3. I find the days and weeks seem to melt into the next. Without a work schedule with other people expecting you to show up, there are no parameters. I’ve been working from home for years, but now that my husband is retired and we’re both home it’s a lot different. I miss my days alone sometimes, but we’re adapting. It’s hard to feel the years are flying by when we can’t get out of this damn winter from hell.

  4. Jennifer says:

    They are whipping past so fast nothing stands out but the holidays. Sort of bleak if I think about to because these are “the best years of our lives”!
    When we lived in a rural, very quiet but boring community, it felt like time crawled by. Maybe I should move back there!

  5. I love thinking about things like this! My neighbor Eva, who lived to be 105, said the escalation of the passing of time continues. That is a bit frightening. Living in the moment, learning new things, and wonderment are somehow involved too.

  6. Pat says:

    Fascinating ideas on the passage of time. I find that though some days feel longer than ever, each year passes more quickly than before.

  7. I read somewhere that our growing up years seemed so long because we were learning and doing so many different things. And that one way to slow down time is to try and continue to learn and do new things. Don’t know if it works, but I do know that if I’m doing the same thing day after day, everything just kind of blends together and I wonder where the time went.
    And thanks for stopping by my blog. Nice to meet you!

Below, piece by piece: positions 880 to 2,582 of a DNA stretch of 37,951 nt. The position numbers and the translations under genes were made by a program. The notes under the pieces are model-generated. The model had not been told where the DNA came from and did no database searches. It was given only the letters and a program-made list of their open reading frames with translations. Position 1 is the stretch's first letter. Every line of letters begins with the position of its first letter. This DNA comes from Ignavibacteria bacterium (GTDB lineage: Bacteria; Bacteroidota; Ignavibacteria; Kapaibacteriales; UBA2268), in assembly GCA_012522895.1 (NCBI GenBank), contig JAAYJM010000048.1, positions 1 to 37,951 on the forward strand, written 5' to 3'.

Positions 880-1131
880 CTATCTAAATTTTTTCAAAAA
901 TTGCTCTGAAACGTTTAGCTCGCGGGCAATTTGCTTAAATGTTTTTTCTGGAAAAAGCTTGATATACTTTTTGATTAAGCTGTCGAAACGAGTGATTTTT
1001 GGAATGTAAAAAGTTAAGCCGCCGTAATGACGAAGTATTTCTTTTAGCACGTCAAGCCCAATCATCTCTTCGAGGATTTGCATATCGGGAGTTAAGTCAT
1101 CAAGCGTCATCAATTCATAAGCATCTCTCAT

8. It really is scary how fast the time goes. I try to be in the moment as much as possible, but it seems that I blink and another week has whizzed by. This past winter seemed endless, but in retrospect the months passed in a flash. My husband and I recently celebrated 20 years together, and it simply doesn’t seem possible…two decades??? I think that it does have something to do with having fewer years left, actuarially speaking, and so the time we do have feels that much more precious. We must savor it.

  9. Keriann McKenna says:

    I have to agree the time flies by, week in and week out, and sometimes I have to look at my calendar to realize where the month went. Then another birthday rolls around and I wonder where the year went.

    I think working from home makes a difference too. There is no schedule or if there is, it’s one I control–usually.

    I don’t know if I agree with your husband’s theory; I’ll have to give it some thought. There is a unit of time when I’m editing and the edit of a second book often begins immediately thereafter. I’m coming up on five books (including one of my own) that will spam over 3-4 months time. It took me two years to write, edit and publish two books, with the edits of other author’s books mixed in. Somehow, at my age, I don’t recall that time as moving any slower.